*Annuity settlement as an alternative*

In these conditions, one alternative a sponsor may consider is settling the liability by distributing an annuity rather than a lump sum. That is because annuities are priced at market rates rather than (as are lump sums) using 2021 lookback month rates.

This approach would generally not (at current rates) work with our example 50-year-old participant – we estimate that an annuity carrier would charge a 30% premium-over-book to settle that liability.

However, as a participant approaches retirement age, this premium-over-book would go down. Depending on the cost-over-book of the lump sum, an annuity might begin to be competitive for terminated vested participants over, e.g., age 60.

One critical issue with respect to pre-retirement annuity settlements is whether the plan provides any early retirement (or other) subsidies – these will generally increase the cost of an annuity settlement.

*Variable-rate premium effects*

With respect to 2022 lump sum settlements, if the lookback month interest rate used to value lump sums is lower than the valuation rate used for unfunded vested benefits (UVBs) for purposes of calculating PBGC variable-rate premiums, there may (if on that basis the plan is determined to have UVBs) be an increase in the 2023 variable-rate premiums.

We discuss the different methods used to value UVBs in our article *Measuring UVBs for variable-rate premiums – the alternative vs. standard method election*.

*Financial disclosure effects*

We have discussed financial disclosure effects in our articles on 2020 *lump sum* and *annuity* settlements and in our article *Liability settlement, mark-to-market accounting, and PBGC premium reduction: effects on corporate earnings*. We briefly note the following:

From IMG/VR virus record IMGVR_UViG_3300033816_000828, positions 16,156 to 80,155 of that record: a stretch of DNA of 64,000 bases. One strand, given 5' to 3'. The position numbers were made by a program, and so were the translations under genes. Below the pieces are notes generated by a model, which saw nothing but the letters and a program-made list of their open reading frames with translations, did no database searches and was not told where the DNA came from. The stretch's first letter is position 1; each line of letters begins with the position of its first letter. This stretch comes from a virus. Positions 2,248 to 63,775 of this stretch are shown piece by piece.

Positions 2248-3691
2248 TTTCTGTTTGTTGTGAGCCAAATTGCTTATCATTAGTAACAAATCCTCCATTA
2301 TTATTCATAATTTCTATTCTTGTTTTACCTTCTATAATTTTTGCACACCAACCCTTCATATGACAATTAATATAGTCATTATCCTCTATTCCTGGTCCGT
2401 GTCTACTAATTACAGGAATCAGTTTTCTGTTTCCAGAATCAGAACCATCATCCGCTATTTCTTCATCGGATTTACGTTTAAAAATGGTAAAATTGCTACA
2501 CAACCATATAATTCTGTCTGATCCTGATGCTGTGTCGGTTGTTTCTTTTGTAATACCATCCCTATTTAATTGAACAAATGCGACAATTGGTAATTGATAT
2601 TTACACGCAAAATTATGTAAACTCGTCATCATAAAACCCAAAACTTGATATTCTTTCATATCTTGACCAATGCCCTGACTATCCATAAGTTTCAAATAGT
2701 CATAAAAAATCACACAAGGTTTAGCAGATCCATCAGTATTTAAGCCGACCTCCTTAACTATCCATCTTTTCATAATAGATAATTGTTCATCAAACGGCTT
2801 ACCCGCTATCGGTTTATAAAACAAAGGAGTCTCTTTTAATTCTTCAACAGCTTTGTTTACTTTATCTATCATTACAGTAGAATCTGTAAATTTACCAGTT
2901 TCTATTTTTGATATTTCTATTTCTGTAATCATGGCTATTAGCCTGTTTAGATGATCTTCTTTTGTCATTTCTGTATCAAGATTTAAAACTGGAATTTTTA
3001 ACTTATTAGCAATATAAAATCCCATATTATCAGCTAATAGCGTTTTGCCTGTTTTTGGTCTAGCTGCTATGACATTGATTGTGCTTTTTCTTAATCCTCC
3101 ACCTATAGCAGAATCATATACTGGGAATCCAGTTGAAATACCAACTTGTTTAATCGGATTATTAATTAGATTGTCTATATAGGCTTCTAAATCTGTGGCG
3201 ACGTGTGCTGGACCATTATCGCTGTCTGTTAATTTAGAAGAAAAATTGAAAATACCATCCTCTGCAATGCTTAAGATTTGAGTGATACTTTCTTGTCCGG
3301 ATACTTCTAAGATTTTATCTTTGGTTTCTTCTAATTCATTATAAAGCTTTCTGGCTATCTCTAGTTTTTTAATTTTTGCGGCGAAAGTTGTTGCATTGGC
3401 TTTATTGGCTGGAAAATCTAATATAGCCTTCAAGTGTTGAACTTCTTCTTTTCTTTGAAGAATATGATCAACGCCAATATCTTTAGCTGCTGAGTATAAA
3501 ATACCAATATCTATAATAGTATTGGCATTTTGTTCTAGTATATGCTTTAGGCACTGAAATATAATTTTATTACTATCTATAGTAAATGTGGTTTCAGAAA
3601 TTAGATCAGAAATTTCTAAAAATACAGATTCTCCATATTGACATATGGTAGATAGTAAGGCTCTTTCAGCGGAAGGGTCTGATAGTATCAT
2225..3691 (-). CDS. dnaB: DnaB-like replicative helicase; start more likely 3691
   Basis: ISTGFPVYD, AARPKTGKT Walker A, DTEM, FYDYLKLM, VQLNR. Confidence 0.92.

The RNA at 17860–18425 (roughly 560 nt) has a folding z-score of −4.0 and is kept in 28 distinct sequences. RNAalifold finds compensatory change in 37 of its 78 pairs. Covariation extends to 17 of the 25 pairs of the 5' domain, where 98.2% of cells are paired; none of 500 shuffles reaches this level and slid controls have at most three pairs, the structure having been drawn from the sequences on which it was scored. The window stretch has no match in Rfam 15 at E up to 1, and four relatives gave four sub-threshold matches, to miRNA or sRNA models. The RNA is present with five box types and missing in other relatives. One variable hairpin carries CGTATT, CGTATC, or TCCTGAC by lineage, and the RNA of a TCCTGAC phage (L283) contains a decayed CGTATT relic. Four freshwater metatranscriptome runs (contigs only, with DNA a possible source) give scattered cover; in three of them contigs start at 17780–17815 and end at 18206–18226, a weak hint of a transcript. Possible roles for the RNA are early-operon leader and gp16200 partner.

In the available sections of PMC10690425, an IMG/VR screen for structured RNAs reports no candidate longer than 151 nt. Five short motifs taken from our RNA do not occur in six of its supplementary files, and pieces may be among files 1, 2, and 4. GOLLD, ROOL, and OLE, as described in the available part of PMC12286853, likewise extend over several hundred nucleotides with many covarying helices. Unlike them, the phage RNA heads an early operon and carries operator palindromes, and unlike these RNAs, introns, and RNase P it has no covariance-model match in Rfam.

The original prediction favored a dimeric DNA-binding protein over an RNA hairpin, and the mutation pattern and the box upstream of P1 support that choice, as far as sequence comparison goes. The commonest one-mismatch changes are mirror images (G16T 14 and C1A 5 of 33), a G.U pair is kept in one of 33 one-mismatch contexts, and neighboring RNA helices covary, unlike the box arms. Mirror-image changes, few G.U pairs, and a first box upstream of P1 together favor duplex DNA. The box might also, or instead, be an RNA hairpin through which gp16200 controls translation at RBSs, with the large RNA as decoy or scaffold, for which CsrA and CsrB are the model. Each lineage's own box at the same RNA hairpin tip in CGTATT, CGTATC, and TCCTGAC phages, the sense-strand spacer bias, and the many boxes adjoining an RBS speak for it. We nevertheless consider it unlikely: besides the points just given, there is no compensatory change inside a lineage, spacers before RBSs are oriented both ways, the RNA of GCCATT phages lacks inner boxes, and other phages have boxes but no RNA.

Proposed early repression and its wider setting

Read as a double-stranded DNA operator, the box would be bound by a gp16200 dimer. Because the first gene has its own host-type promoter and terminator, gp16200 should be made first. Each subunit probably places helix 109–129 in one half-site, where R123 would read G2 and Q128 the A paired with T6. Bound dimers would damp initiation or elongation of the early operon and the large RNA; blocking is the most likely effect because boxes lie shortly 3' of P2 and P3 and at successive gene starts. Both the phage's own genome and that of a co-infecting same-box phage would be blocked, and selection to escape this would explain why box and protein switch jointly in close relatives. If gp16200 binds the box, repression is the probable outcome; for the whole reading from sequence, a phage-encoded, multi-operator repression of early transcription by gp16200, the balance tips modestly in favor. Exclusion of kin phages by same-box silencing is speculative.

With respect to 2022 lump sum settlements, if the lookback month interest rate used to value lump sums is lower than the 2022 valuation rate used for plan disclosure, there will be an increase in the 2022 balance sheet net liability with respect to the plan. The same principle applies to annuity settlements at an amount higher than (what would have been) the year end value of the associated liability.

For sponsors with accumulated unrecognized experience losses (e.g., interest rate losses), settlement of a liability will trigger recognition of a (proportionate) share of those losses.

*To a great extent, for many sponsors/plans, the critical issue is trend …*

With respect to any settlement, there is, of course, always the risk of “settler’s remorse.” That is, e.g., if a liability is settled with an annuity at current rates, and rates then go up, there will be natural tendency to think “If we had just waited we could have gotten the annuity for less.” This risk is offset by the opposite one – “non-settler’s remorse” – triggered when rates go down.

The decision to de-risk is *always* colored by the sponsor’s view of interest rate trend. The historical trend in interest rates (arguably for the last 40 years) has been down. There is, of course, no way to predict (any better than the market is currently predicting) what rates will be a month from now, much less at year end.

This challenge is, for lump sums, somewhat mitigated by the lump sum calculation rules, especially for sponsors using a 12-month stability period. For, e.g., sponsors using a one year stability period, one variable – the “cost” of the lump sum – will remain constant for all of 2022 (because the valuation interest rate is fixed as of the beginning of the year). For the moment, at least, those lower lump sum valuation rates (relative to market rates) will bias some sponsors towards delaying de-risking.